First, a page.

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Seasonal Affective Disorder
Christopher White, MD, JD, MHA
image BASICS
  • Seasonal affective disorder (SAD) is a heterogeneous mood disorder with depressive episodes usually occurring in winter months, with full remissions in the spring and summer.
  • Ranges from a milder form (winter blues) to a seriously disabling illness
  • Must separate out patients with other mood disorders (such as major depressive disorder and bipolar affective disorder) whose symptoms persist during spring and summer months
  • Affects up to 500,000 people every winter
  • Up to 30% of patients visiting a primary care physician (PCP) during winter may report winter depressive symptoms.
  • Predominant age: occurs at any age; peaks in 20s and 30s
  • Predominant sex: female > male (3:1)
  • 1-9% of the general population
  • 10-20% of patients identified as having mood symptoms will have a seasonal component.
The major theories currently involve the interplay of phase-shifted circadian rhythms, genetic vulnerability, and serotonin dysregulation.
  • Melatonin produced by the pineal gland at increased levels in the dark has been linked to depressive symptoms; light therapy on the retina acts to inhibit melatonin secretion.
  • Serotonin dysregulation because it is secreted less during winter months, must be present for light therapy to work, and treatment with SSRIs appears to reverse SAD symptoms
  • Decreased levels of vitamin D, often occurring during low-light winter months, may be associated with depressive episodes in some individuals experiencing SAD symptoms.
  • Some twin studies and a preliminary study on GPR50 melatonin receptor variants have suggested a genetic component.
  • Recent studies indicate an association with the melanopsin gene (OPN4).
  • Increased incidence of depression, ADHD, and alcoholism in close relatives
  • Most common during months of January and February: Patients frequently visit PCP during winter months complaining of recurrent flu, chronic fatigue, and unexplained weight gain.
  • Working in a building without windows or other environment without exposure to sunlight
  • Consider use of light therapy at start of winter (if prior episodes begin in October), increase time outside during daylight, or move to a more southern location.
  • Bupropion (Wellbutrin) is an FDA-approved antidepressant for the prevention of SAD.
Some individuals with SAD have a weakened immune system and may be more vulnerable to infections.
  • Carefully document the presence or absence of prior manic episodes.
  • Screen for the existence of any suicidal ideation and safety risk factors.
  • Remission of symptoms during spring and summer
  • Symptoms have occurred for the past 2 years.
  • Seasonal episodes associated with winter months substantially outnumber any nonseasonal depressive episodes.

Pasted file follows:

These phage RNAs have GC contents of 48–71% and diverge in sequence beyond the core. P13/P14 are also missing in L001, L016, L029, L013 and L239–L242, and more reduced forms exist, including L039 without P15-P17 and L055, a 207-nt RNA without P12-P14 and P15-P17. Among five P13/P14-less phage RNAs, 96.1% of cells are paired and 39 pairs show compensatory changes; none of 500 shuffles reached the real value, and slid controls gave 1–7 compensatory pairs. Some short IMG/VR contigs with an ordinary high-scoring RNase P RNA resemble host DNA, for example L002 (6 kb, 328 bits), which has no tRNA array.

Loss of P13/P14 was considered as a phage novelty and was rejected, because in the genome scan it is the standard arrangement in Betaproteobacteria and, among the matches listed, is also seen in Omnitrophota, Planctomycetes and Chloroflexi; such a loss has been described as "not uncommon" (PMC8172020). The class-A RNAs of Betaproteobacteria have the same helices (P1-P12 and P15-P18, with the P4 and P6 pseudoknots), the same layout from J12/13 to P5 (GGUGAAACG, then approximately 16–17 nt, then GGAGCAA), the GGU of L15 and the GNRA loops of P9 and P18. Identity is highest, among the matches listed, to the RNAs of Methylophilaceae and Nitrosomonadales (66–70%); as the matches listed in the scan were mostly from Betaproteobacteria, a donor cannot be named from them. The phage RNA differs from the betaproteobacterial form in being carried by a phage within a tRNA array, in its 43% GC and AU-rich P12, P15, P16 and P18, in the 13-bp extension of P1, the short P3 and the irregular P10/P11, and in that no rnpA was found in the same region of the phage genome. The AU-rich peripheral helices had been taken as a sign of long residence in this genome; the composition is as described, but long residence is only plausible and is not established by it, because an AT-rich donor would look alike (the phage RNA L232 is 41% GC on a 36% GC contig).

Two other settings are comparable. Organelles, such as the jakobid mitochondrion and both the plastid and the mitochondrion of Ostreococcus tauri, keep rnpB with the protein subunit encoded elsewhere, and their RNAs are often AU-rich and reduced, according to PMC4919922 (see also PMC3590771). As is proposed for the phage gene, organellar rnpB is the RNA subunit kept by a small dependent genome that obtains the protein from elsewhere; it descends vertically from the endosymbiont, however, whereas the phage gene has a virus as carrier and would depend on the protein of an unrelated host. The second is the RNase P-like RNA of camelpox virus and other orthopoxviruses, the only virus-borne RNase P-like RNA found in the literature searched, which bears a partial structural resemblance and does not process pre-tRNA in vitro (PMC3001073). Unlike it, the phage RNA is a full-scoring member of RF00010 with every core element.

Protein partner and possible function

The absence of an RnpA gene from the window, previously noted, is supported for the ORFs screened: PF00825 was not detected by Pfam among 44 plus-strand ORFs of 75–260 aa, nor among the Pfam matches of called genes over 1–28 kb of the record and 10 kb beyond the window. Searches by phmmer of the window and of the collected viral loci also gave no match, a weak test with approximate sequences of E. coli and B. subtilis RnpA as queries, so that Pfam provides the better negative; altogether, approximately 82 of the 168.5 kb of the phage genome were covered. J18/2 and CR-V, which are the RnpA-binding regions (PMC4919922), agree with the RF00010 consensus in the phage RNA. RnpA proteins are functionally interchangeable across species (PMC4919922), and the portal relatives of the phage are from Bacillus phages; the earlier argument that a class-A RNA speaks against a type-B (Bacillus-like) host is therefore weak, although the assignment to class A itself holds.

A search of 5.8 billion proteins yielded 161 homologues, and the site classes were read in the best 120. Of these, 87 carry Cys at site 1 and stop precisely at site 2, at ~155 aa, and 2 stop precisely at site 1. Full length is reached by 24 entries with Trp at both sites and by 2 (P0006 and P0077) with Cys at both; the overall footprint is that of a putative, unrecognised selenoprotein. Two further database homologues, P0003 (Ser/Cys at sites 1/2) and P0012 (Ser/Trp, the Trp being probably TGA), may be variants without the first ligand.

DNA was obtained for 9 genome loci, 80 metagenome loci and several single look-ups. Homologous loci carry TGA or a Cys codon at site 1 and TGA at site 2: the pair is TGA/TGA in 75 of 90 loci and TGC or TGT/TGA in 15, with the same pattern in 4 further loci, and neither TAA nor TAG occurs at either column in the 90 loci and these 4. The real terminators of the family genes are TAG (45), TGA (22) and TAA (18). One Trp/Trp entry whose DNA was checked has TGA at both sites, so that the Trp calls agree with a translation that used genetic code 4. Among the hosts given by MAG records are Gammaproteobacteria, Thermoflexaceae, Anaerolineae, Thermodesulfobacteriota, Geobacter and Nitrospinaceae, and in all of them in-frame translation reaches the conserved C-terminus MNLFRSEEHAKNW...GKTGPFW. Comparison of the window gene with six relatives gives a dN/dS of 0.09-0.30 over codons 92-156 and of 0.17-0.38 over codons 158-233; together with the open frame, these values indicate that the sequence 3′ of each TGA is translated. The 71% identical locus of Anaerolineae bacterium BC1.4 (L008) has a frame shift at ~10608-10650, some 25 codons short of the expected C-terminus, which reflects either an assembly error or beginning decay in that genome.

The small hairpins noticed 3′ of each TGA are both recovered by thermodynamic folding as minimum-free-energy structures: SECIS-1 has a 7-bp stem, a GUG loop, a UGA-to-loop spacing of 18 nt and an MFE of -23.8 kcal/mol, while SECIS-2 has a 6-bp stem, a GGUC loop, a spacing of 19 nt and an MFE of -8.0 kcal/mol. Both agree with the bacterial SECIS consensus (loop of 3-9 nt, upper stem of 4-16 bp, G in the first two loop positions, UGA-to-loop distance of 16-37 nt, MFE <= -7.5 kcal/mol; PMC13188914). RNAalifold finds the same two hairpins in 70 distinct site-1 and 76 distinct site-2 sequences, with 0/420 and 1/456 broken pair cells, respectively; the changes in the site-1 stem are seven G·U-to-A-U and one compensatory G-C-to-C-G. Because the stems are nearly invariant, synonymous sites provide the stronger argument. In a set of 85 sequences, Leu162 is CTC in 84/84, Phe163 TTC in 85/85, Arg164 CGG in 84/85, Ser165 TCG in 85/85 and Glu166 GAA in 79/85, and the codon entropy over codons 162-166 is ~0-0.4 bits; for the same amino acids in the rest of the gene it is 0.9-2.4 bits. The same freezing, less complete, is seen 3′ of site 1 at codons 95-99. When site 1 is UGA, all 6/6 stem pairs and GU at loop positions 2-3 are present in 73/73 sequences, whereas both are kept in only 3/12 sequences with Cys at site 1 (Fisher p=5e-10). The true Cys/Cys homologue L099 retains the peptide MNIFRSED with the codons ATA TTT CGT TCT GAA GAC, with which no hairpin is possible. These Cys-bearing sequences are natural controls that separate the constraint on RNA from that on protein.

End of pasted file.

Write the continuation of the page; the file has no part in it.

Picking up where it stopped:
• Under DSM-5, SAD is denoted by adding the “with seasonal pattern” specifier to a diagnosis of major depressive disorder, recurrent.
Use exam to exclude other organic causes for symptoms. Focal neurologic deficits, signs of endocrine dysfunction, or stigmata of substance abuse should prompt further testing.
  • Similar to that of major depression, meaning that organic causes of low energy and fatigue, such as hypothyroidism, anemia, and mononucleosis (or other viral syndromes), need to be considered.
  • Other mood disorders without a seasonal component such as major depression, bipolar disorder, adjustment disorder, or dysthymia
  • Symptoms should not be better accounted for by seasonal psychosocial stressors, which often accompany the winter holiday seasons.
  • Substance abuse
  • Thyroid-stimulating hormone to rule out hypothyroidism
  • CBC to rule out anemia
  • Rule out electrolyte and glucose dysregulation.
  • 25-OH vitamin D level
  • Pregnancy test for women of childbearing potential
  • Urine toxicology screen if substance abuse is a concern
  • Imaging is not useful unless focal neurologic finding or looking to exclude an organic cause.
Lack of evidence to determine whether light therapy or medication should be the first-line agent. Both supported by the literature and in some studies have equal efficacy. Medications have more side effects. Adherence to both remains a critical issue. The ultimate choice depends on the acuity of the patient and the comfort level of the prescribing clinician with each treatment modality (1)[B].
  • SSRIs such as sertraline (Zoloft), paroxetine (Paxil), fluoxetine (Prozac), citalopram (Celexa), and escitalopram (Lexapro) in their traditional antidepressant doses (2)[B]
  • Bupropion (Wellbutrin) is the only antidepressant currently approved by the FDA for the prevention of SAD (3)[B].
  • Patients with a history of ocular disease should be referred for an ophthalmologic exam before phototherapy and for serial monitoring.
  • Patients who fail to respond or who develop manic symptoms or suicidal ideation once treatment is initiated should be considered for psychiatric referral.
  • Phototherapy using special light sources has been shown to be effective in 60-90% of patients, often providing relief with a few sessions (2,4)[B].
  • Variables that can regulate effect are the following:
    • Light intensity: Although the minimum light source intensity is under investigation, at least 2,500 lux is suggested (domestic lights emit, on average, 200 to 500 lux). There is good evidence for 10,000 lux as the recommended source (2)[B].
    • P.953

    • Treatment duration: Exposure time varies based on intensity of light source, with daily sessions of 30 minutes to a few hours.
    • Time of treatment: Most patients respond better by using the light therapy early in the morning.